Petroleum prices cut by Rs 3 per litre

ISLAMABAD (November 16 2002) : The government on Friday cut down petroleum products prices by 1.5 percent to 8.6 percent to pass on benefit of their lowering down prices in the international market to the consumers. Minister for Petroleum and Natural Resources, Usman Amin-ud-Din, announced the reduction here at a hurriedly called press conference. The new prices will be implemented with effect from November 16.

Maximum reduction, Rs 3 per litre, was done in MS prices. Its new price would be Rs 32.10 per litre against earlier Rs 35.21. HOBC price is fixed at Rs 36.05 per litre against Rs 39.70 per litre, SKO 18.95 against Rs 19.23, HSD Rs 21.38 against Rs 21.98, LSD Rs 16.64 against Rs 17.88, JP-1 Rs 12.83 against Rs 13.49 and JP-4 Rs 16.02 against Rs 17.07.

The Minister termed the reduction as a major development and a positive outcome of deregulation policy of petroleum sector. He said while introducing policy of deregualtion last year the government had promised to the nation that benefit of lowering down in the international market will be passed on to the consumers outrightly and current reduction was its practical proof.

He observed that the government collects a fixed tax of Rs 16.02 from one-litre petrol to bridge Rs 45 billion deficit through petroleum sector in the annual budget. He claimed that this tax had been at the same level during the last three year and it does not play any role in fluctuation of petroleum products prices. The Minister maintained that the international prices were a sole reason of fluctuation.

Usman gave a break-up of Pakistan's prices vis-à-vis India, Bangladesh and Sri Lanka which showed Pakistan's prices were slightly lower to other majority countries of the region.

The minister told a questioner that the government was consciously following a policy of rationalising diesel prices to make the people feel its difference for conversion to CNG. The Minister was convinced that this switch over would help Pakistan to cut down its petroleum products import bill considerably.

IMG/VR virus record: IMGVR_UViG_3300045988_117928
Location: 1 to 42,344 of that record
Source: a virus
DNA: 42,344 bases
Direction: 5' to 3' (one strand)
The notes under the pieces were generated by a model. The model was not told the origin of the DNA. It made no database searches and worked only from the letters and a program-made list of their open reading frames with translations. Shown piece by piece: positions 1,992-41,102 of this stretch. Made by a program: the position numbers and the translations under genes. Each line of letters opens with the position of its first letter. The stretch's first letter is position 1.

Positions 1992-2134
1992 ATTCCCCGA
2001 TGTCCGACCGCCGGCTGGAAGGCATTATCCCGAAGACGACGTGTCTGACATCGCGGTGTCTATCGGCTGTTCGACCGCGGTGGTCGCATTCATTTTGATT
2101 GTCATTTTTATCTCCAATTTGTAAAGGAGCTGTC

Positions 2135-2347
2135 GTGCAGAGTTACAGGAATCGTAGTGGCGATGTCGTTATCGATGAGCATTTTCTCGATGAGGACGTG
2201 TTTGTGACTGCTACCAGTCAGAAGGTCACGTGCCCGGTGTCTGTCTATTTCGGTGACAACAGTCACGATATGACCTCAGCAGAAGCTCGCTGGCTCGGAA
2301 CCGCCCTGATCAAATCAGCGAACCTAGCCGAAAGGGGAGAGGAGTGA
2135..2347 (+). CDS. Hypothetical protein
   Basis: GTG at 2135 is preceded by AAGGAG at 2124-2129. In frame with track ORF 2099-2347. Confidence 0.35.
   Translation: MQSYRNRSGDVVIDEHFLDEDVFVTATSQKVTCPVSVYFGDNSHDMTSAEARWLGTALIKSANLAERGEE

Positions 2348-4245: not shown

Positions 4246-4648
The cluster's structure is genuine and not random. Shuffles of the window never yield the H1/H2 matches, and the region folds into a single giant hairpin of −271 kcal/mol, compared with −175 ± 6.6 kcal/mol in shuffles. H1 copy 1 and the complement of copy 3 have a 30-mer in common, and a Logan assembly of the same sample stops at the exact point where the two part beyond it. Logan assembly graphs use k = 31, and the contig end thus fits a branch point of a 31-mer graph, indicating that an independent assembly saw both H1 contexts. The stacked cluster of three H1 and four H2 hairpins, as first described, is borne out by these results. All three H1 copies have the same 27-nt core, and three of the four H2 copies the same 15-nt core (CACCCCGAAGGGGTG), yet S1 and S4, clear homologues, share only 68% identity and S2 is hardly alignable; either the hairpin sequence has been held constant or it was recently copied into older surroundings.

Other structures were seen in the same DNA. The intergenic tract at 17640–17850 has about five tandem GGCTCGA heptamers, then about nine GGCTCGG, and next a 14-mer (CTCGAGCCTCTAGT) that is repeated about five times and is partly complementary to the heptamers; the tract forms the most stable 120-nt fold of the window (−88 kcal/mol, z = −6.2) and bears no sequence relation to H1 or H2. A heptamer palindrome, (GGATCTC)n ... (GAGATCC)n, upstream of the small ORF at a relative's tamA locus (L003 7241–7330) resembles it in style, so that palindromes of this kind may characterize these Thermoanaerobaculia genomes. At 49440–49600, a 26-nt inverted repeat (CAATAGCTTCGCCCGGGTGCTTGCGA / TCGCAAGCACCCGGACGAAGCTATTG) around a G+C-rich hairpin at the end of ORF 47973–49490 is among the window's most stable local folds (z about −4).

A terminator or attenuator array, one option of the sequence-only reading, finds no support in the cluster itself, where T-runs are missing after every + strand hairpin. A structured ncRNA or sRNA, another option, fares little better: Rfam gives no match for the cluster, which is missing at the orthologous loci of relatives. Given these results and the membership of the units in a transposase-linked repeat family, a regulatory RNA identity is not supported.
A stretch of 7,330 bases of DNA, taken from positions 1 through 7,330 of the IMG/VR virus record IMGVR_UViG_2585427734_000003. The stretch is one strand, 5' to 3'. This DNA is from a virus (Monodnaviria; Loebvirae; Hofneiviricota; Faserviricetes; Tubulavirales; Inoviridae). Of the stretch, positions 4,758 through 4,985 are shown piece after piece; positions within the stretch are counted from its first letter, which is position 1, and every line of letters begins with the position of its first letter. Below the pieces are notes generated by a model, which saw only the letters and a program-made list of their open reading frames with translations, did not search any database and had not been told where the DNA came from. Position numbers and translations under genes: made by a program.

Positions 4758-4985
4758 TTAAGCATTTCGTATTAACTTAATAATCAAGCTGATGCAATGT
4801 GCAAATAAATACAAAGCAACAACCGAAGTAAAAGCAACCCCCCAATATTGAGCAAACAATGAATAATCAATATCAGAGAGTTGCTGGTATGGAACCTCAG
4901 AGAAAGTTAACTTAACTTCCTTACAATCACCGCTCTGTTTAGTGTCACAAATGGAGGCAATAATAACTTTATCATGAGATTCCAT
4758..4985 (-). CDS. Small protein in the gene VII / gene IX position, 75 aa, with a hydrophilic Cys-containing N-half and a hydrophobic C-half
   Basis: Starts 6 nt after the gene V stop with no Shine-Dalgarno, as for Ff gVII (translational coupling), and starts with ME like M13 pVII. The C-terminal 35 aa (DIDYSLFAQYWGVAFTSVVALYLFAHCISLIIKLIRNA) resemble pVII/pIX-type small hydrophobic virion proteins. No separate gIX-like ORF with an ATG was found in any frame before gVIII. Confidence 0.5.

Usman dispelled the impression that oil companies were not following the formula of international prices in its letter and spirit and make undue profit saying any such tactics can not favour the companies as they have a fixed margin of profit in the new system.

The minister added that the government has granted concessions in terms of taxes and duties to the CNG industry so that it could facilitate more number of vehicles. He counted several other measures meant to boost up this industry in Pakistan. These included conversion of buses and other big vehicles from diesel to CNG.

Usman disagreed to a questioner who reminded him that the government was pushing up gas prices irrationally, which was causing problems to the consumers. The Minister said gas prices may rise with its production from other than Sui fields but yet these were lower than all other countries in the region. He said the government policy of capping gas prices has worked well otherwise its prices would have gone much higher by this time. He said the changing of formula of gas evaluation to BTU system was in the favour of all the stakeholders.

The Minister further said the government had taken several decision to do away with the menace of oil smuggling which was a chronic disease and causing loss of Rs 4 to 5 billion to the national exchequer per annum. He directed oil companies to launch public awareness scheme to educate the people that smuggled petroleum products in particular lubricants were of inferior quality and their use was causing irreparable loss to their vehicles.

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